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U.S. bishops say Gospel cannot be parsed in partisan terms

Document called ‘guide for formation of consciences’ for Catholic voters

Published: September 16, 2020   
CNS / Chaz Muth
Sister Romana Uzodimma, a Sister of the Handmaids of the Holy Child Jesus, places onions into a man's bag at Catholic Charities' Spanish Catholic Center parking lot in Washington where he is picking up free food supplies July 15 during the pandemic. "No one should face hunger in a land of plenty," says the bishops' quadrennial "Faithful Citizenship" document.

CLEVELAND -- The U.S. bishops' quadrennial document on political responsibility is rooted in the Catholic Church's long-standing moral tradition that upholds human dignity and the common good of all, Archbishop Paul S. Coakley of Oklahoma City said.

"The document is meant to give Catholic voters an opportunity to reflect upon how their faith intersects with their political and civic responsibilities," said the archbishop, who chairs the bishops' Committee on Domestic Justice and Human Development.

Titled "Forming Consciences for Faithful Citizenship: A Call to Political Responsibility From the Catholic Bishops of the United States," the document has been offered as a guide to Catholic voters every presidential election year since 1976.

It has been updated and revised at four-year intervals to reflect changes in the issues confronting the country since it first appeared.

One thing "Faithful Citizenship" is not is a mandate on which candidate for public office to vote for, Archbishop Coakley said.

Voting, he added, is a responsibility to be taken seriously and that requires prudential judgment in determining who can best serve the common good.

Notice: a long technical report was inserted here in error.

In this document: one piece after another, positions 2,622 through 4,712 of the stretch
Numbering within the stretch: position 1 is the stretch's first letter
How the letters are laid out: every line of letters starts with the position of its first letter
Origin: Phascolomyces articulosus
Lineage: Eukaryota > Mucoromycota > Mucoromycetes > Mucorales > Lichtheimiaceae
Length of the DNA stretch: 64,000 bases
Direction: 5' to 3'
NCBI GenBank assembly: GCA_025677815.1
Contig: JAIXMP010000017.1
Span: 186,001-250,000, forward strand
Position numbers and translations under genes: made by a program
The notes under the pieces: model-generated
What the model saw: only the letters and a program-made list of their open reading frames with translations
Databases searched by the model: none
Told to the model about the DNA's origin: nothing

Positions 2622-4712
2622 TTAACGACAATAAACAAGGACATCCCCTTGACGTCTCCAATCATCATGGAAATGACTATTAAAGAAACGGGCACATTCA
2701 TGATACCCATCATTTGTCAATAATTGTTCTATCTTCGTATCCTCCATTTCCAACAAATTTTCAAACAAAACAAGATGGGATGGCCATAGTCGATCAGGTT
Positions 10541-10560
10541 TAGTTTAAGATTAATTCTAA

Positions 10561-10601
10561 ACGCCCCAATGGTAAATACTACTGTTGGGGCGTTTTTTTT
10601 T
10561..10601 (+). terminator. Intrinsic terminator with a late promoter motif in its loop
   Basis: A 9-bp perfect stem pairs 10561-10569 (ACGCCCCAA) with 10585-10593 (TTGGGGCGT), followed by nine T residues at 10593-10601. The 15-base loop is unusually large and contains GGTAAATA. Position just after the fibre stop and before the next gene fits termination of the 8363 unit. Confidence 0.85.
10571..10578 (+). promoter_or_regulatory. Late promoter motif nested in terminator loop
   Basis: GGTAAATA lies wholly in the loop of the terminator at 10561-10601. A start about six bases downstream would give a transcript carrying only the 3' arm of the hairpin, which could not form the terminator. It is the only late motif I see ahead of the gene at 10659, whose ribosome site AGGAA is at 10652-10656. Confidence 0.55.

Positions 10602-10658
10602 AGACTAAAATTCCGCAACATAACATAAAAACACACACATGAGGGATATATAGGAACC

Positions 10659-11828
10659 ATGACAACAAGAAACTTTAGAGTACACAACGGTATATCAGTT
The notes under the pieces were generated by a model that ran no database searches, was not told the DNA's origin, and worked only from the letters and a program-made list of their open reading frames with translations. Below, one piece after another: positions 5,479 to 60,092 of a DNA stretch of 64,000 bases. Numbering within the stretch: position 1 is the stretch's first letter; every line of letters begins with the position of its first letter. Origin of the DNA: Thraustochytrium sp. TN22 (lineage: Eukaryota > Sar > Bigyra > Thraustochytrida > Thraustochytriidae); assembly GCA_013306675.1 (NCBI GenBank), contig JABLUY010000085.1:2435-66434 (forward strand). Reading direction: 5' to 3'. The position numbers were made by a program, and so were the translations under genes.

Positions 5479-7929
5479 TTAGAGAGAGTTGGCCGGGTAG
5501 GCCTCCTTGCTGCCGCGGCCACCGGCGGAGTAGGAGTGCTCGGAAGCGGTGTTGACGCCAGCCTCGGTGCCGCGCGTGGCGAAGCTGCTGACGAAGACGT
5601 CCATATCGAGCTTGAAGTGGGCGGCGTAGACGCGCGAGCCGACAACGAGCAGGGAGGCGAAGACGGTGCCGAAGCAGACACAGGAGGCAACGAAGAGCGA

"No candidate will likely reflect all of our values," he told Catholic News Service Aug. 18. "But I think we need to begin in prayer. We need to know our faith. We need to study our faith. We need to have recourse to the catechism and what it might teach about certain questions.

"This document is intended to be that, an official guide for the formation of consciences that Catholics can utilize as they weigh these questions," the archbishop said.

Furthermore, he continued, "the Gospel cannot be parsed in political or partisan terms. The Gospel calls us to live by standards and our Catholic faith calls us to embrace standards that are not divisible into left or right, Republican or Democratic terminology."

The document went through no major revisions for this year's election, but it is being supplemented by an introductory letter, which underwent a long debate before its adoption by the full body of bishops during their fall general assembly in November.

"Faithful Citizenship" draws from the teaching of Pope Francis, Pope Benedict XVI, St. John Paul II, St. John XXIII, the Second Vatican Council, and "Compendium of the Social Doctrine of the Church."

The introductory letter reminds Catholics that "we bring the richness of our faith to the public square" and that "faith and reason inform our efforts to affirm both the dignity of the human person and the common good of all."

The letter also says, "The threat of abortion remains our preeminent priority because it directly attacks life itself, because it takes place within the sanctuary of the family, and because of the number of lives destroyed. At the same time, we cannot dismiss or ignore other serious threats to human life and dignity, such as racism, the environmental crisis, poverty and the death penalty."

It concludes by reminding Catholics to "bring their faith and our consistent moral framework to contribute to important work in our communities, nation, and world on an ongoing basis, not just during election season."

As Election Day, Nov. 3, nears, dioceses and parishes have been gearing up their use of "Faithful Citizenship" resources, according to social ministry directors across the country.

Archbishop Coakley said the bishops expect the guidance offered in the "Faithful Citizenship" materials will gain wider attention this year.

"My hope and prayer is that Catholics who really want their faith to influence their decision making when it comes to going to the polls will give the reflections in this document consideration rather than just going to their favorite news source," he said. "That's going to be a very different kind of guidance than what they receive from their favorite cable news anchor or pundit.

"This is our chance to bring a different light to bear to a very important fundamental civic responsibility."

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